Sunday, February 18, 2007

Wilson: Cuba, Passport babbles

Wilson pushes Cuba connection
Feb 17, 2007 Tim Harper Toronto Star

Canada's prepared to help broker Havana-U.S. ties after Castro dies, ambassador says

WASHINGTON–Canada is prepared to draw on its long relationship with Cuba to act as a "bridge" between Washington and Havana in the post-Castro era, Michael Wilson says.

Wilson, who is approaching his first anniversary as Canadian ambassador here, said in an interview yesterday he is acting on a mandate from Prime Minister Stephen Harper, who wants Ottawa to become more active diplomatically in the Western Hemisphere.

"That's our neighbourhood," Wilson said.

He said Canada has developed relations not only with officials in Fidel Castro's government, but also members of the island's fragmented opposition groups, and Ottawa has pushed Havana to release political prisoners and open its economy.

Canada can also draw on its business investments and tourism spending in Cuba to curry influence, the former Conservative cabinet minister said.

"We have a dialogue, and that is different from the United States because they have nothing like this type of dialogue," Wilson said.

"Because of that dialogue, we have an understanding of how Cuba thinks. We also have an understanding of how Washington thinks. Cuba sees us as a North American country with which they can have some sort of dialogue.

"We can build a greater understanding between the two countries."

The 80-year-old Castro handed power provisionally to his brother Raul last July 31 and has undergone unspecified abdominal surgery. He has not reappeared in public since.

Fidel Castro's health has been the subject of numerous conflicting reports, but his son said this week he expected his father to fully recover.

Raul Castro has stated publicly that he is open to negotiations with the U.S. government on an equal footing.

The United States broke off diplomatic relations with Cuba two years after Castro took power in 1959 after dictator Fulgencio Batista fled, and has had only low-level contacts since.

The Bush administration is banking on Cuban communism collapsing, although all signs point to more of a smooth political succession with the opportunity for some flexibility with Raul Castro at the helm.

The U.S. is building new holding pens at its naval base at Guantanamo Bay in anticipation of an influx of migrants after the death of Fidel Castro.

Wilson also spoke of two other bilateral issues that have dominated his time since he took over the post from Liberal appointee Frank McKenna, the onetime New Brunswick premier.

He said he has been briefed on the U.S. decision to bar Maher Arar from the U.S. and disagrees with the American rationale. But unless another opportunity arises to plead Arar's case, there appears little chance of movement on the issue, he said.

"This is an area where two sovereign nations have agreed to disagree," Wilson said.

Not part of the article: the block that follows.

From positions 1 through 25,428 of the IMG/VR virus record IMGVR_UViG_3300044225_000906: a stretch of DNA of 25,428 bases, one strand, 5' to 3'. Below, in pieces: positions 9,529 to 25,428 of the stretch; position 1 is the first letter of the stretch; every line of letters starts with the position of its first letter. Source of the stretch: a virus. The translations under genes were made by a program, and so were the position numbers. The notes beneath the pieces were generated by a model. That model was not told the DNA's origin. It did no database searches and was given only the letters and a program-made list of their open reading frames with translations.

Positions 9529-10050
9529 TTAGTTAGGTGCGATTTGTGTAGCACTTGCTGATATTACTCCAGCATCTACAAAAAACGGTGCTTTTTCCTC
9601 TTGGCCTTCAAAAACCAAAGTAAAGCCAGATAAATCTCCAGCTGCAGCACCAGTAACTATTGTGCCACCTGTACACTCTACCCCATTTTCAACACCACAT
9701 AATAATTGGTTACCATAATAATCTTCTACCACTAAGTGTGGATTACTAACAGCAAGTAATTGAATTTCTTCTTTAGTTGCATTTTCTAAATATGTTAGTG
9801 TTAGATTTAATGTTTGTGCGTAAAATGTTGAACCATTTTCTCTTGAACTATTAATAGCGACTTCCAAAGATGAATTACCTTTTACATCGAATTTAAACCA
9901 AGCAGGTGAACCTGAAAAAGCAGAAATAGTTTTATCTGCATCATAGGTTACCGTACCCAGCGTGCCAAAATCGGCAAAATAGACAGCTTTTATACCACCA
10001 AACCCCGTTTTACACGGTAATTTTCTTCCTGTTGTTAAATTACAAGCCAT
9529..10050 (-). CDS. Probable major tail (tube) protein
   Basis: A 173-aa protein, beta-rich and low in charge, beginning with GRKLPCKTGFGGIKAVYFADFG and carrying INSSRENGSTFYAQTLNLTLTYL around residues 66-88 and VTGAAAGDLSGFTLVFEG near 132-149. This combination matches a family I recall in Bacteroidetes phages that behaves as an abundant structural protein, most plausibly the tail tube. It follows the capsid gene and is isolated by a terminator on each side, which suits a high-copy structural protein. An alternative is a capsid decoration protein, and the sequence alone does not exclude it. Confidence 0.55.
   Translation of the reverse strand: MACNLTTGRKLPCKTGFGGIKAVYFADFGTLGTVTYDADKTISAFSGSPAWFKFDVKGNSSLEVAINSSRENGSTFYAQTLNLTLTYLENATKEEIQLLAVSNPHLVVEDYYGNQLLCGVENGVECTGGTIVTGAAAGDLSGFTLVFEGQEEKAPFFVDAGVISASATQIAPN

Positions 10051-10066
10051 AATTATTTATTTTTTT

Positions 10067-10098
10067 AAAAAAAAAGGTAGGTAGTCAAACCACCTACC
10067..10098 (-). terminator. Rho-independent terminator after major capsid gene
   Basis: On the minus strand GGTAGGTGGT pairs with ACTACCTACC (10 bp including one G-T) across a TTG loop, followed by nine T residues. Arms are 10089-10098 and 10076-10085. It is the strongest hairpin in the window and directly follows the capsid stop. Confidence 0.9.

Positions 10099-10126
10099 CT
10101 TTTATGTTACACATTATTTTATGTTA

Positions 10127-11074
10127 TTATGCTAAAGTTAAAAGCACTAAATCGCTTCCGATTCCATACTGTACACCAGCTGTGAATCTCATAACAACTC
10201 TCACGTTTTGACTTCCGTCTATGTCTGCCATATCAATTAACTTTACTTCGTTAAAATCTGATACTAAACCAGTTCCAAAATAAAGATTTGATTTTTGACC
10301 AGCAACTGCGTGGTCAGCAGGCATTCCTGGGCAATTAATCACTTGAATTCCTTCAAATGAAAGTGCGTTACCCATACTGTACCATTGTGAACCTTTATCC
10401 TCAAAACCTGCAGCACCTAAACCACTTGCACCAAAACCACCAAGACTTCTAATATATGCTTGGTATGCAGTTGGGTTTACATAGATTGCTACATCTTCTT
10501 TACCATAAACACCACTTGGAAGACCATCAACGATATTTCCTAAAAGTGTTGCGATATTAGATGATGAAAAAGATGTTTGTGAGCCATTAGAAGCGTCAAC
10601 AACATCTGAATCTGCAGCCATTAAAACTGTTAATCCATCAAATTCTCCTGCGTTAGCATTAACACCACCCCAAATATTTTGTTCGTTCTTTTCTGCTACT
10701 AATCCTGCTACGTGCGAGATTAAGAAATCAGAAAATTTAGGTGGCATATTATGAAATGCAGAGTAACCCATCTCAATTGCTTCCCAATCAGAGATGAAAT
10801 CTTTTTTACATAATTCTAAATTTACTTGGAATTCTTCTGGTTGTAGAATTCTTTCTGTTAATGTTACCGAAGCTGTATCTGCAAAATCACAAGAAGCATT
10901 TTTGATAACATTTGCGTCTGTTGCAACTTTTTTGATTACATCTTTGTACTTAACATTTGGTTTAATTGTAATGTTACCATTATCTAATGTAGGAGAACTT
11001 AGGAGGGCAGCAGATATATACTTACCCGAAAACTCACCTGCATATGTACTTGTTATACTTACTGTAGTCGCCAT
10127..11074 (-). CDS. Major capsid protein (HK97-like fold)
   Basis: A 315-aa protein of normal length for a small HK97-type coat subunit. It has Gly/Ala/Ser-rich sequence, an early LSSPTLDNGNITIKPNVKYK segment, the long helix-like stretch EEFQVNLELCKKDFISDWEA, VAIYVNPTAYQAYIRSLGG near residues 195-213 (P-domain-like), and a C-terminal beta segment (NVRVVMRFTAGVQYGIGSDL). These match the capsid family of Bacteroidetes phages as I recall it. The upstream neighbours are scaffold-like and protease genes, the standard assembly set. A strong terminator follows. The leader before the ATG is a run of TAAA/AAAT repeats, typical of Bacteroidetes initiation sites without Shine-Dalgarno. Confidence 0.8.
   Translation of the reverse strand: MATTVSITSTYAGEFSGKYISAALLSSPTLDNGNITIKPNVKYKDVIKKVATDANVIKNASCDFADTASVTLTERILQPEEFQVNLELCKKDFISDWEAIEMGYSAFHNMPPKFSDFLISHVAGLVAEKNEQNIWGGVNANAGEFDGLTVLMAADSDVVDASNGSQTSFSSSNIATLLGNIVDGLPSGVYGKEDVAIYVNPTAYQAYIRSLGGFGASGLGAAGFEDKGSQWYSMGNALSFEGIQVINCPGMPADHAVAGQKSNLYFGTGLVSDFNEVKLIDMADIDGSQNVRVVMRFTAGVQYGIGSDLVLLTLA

"But the matter has been taken to a very high level ... with three cabinet secretaries."

He also said uncertainty over U.S. plans to require passports at its land border crossings continues to hurt cross-border tourism, but admitted he wasn't in a position to alleviate that uncertainty as the first implementation date of Jan. 1, 2008, approaches.

"I can't sit here and announce what the Americans will require upon that date," he said.

"That is precisely the point we have been making. We need a greater degree of certainty."

Two key points await resolution, Wilson said.

It is still not clear how successful the Bush administration will be in developing and marketing its PASS card, the so-called "passport lite" documentation it will accept from its returning citizens.

And it's not known if the Americans will agree to a lengthy phase-in period for Canadians if enhanced drivers' licences – featuring the same security and recognition technology as the PASS card – are ultimately acceptable to the U.S. authorities.

With 10 provinces and three territories having to revamp their licences, Wilson said, the phase-in could be lengthy.

U.S. officials privately say Canada is dragging its feet on land border crossing regulations, and is pushing for enhanced drivers' licences even though they can't reliably prove citizenship because they're issued under provincial jurisdiction.

Wilson defended passport office staff in Canada, saying they're working overtime and weekends to distribute documents to Canadians who now need passports to fly to the U.S.

He also defended Ottawa's decision to issue passports valid for only five years – half of the lifespan of those issued by most western countries, including the U.S.

"The five-year term is better for security," Wilson said. "You have to have the security information reviewed on a more frequent basis."